LAC: On that topic, during the Isaiah Washington controversy you seemed to steer clear of making any substantive comment on his being fired from the show. Is that because you feel there's not much for you to say?
EP: I think so. It's better to not exacerbate it. I think everybody's tired of it. For me, what's important is to move forward, do whatever I can personally to make sure this kind of thing doesn't happen again.
LAC: Another thing that's been done to death in your past interviews is this obsession with your weight. Why do you think people care so much?
EP: I guess it's a normal question from the media because I'm really thin. The dangerous thing about it is that I get a ton of fan mail from little girls â€" from seven years old to 16 â€" about how they love me and I'm a role model for them. And I think the media is really irresponsible in portraying me as having an eating disorder. I just worry about the girls who look up to me â€" I don't want them to think I starve myself or don't eat, and that to be like me that's what they have to do.
LAC: Why is it so hard for people to wrap their heads around the fact that some women are naturally thin?
EP: You know what's funny? I understand if you see a picture of someone who was 40 pounds heavier three years before; then the weight loss is very dramatic and obvious. But you'll never find a picture of me where I'm a lot heavier than I am now. I've only ever fluctuated two to three pounds in my whole [adult] life.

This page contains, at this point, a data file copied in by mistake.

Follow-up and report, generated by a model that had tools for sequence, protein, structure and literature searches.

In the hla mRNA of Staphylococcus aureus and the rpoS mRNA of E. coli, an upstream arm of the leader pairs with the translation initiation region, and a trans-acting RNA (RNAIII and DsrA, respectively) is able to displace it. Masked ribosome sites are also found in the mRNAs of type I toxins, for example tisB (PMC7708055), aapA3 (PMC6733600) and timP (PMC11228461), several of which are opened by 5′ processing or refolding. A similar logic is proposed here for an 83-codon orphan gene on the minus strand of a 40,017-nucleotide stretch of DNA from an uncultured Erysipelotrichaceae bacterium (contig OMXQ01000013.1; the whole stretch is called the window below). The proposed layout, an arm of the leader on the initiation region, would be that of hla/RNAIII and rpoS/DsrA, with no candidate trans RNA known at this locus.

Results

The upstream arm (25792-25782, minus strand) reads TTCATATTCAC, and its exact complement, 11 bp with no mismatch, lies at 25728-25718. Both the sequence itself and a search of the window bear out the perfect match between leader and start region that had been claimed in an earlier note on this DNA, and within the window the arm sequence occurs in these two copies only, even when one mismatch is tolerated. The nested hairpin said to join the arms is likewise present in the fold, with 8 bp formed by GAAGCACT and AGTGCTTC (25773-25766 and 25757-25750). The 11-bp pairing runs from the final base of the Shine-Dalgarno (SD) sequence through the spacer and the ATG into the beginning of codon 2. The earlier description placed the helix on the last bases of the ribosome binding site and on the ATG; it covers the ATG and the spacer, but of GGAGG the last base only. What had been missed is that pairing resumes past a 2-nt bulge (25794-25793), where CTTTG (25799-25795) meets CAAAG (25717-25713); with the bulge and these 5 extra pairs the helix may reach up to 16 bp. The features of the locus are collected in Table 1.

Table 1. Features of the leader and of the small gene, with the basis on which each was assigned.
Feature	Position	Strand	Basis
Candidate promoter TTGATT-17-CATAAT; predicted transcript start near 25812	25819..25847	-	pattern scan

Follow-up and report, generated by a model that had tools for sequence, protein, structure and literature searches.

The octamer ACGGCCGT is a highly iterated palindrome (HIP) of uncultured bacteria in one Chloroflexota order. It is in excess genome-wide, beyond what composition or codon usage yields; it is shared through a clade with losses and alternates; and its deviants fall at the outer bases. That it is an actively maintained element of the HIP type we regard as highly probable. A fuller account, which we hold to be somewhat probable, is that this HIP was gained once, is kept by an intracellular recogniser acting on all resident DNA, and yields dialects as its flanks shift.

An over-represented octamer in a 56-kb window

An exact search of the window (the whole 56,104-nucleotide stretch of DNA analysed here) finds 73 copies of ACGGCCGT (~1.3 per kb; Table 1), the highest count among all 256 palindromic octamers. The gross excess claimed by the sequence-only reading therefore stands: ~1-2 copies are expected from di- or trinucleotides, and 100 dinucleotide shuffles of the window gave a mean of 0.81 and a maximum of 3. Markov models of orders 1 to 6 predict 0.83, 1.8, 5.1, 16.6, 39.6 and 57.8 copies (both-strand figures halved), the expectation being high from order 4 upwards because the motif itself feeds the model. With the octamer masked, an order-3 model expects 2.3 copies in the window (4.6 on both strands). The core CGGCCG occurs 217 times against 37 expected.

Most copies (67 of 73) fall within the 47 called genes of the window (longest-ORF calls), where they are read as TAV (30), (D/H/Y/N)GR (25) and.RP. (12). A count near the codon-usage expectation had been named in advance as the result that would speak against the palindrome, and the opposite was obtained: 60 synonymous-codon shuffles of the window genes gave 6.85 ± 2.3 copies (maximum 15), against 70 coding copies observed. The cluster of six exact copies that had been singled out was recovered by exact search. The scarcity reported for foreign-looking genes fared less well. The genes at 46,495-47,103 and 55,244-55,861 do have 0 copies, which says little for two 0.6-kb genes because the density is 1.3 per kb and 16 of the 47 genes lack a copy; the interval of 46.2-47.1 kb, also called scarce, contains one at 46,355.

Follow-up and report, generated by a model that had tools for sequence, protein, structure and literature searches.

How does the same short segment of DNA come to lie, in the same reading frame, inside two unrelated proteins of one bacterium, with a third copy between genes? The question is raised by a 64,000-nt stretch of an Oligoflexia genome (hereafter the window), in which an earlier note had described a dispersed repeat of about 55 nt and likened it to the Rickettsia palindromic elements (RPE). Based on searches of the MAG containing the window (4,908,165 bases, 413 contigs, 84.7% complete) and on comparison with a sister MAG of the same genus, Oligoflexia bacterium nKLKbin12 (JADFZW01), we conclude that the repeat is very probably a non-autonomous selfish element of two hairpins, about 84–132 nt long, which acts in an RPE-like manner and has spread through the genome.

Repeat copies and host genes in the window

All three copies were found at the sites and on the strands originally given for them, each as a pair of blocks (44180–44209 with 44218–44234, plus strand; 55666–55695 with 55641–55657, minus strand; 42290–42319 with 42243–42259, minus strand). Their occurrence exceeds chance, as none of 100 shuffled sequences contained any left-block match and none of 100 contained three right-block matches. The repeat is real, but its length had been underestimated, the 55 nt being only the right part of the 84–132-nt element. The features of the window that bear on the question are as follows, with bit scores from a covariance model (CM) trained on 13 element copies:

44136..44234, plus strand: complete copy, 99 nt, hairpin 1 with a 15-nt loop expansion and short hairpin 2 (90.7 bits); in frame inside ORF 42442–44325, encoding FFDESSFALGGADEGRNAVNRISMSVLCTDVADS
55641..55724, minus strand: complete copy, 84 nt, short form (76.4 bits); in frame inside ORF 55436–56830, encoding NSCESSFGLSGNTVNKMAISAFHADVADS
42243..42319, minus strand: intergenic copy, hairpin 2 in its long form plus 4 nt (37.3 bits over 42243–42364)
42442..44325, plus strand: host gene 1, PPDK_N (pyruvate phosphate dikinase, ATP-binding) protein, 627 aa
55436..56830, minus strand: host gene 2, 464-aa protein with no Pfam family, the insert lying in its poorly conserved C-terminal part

LAC: Do you have any interest in having children of your own someday?
EP: I do. I do. With the show, I just don't know if it's entirely fair to myself and to everybody else right now. We'll see what happens.
LAC: So after your travels you immediately start work on season four. What would you like to see happen to Meredith this year? Last season was kind of bananasâ€¦
EP: [Laughs] Yeah, it was! I'm much better off not having any expectations. The reality is that I have to be Zen about it because I have absolutely no control over what they do. I'm just happy to have a job and I love my job, and I love the people I work with. Whatever happens, it's OK. It's not a bad way to make a living.
LAC: When did you realize Grey's Anatomy was a hit? Was it clear to you from the minute you got the script?
EP: It was two years in, when I got invited to do the Oprah Winfrey Show. I thought, okay, well, this has clearly gone to another level now.
LAC: You've been nominated for a Golden Globe before. What's your take on awards shows?
EP: Of course it's nice to be nominated. I don't live or die by it, but it's very flattering. To be nominated would be a nice compliment. There are fantastic actresses in this category every year. But at end of the day, we're not saving lives. We're just actors.
LAC: Speaking of saving lives, now that you've been doing the show for a while, do you think you could perform a real-life medical procedure if you had to?
EP: [Laughs] Absolutely not! But I could call 911 very well.
LAC: Have you given any thought as to who you'll be wearing to the Emmys?
EP: No, I haven't, but I know I'll be wearing something a lot lighter than last year. I'd just gotten back from the Dior couture show in Paris and I wore this beautiful velvet dress that John [Galliano] gave me. And it was gorgeous, but it was so hot.
LAC: Well, it's always better to be comfortable at these things.
EP: [Laughs] Yeah, it is, but it's kind of impossible. There's no such thing as a comfortable gown.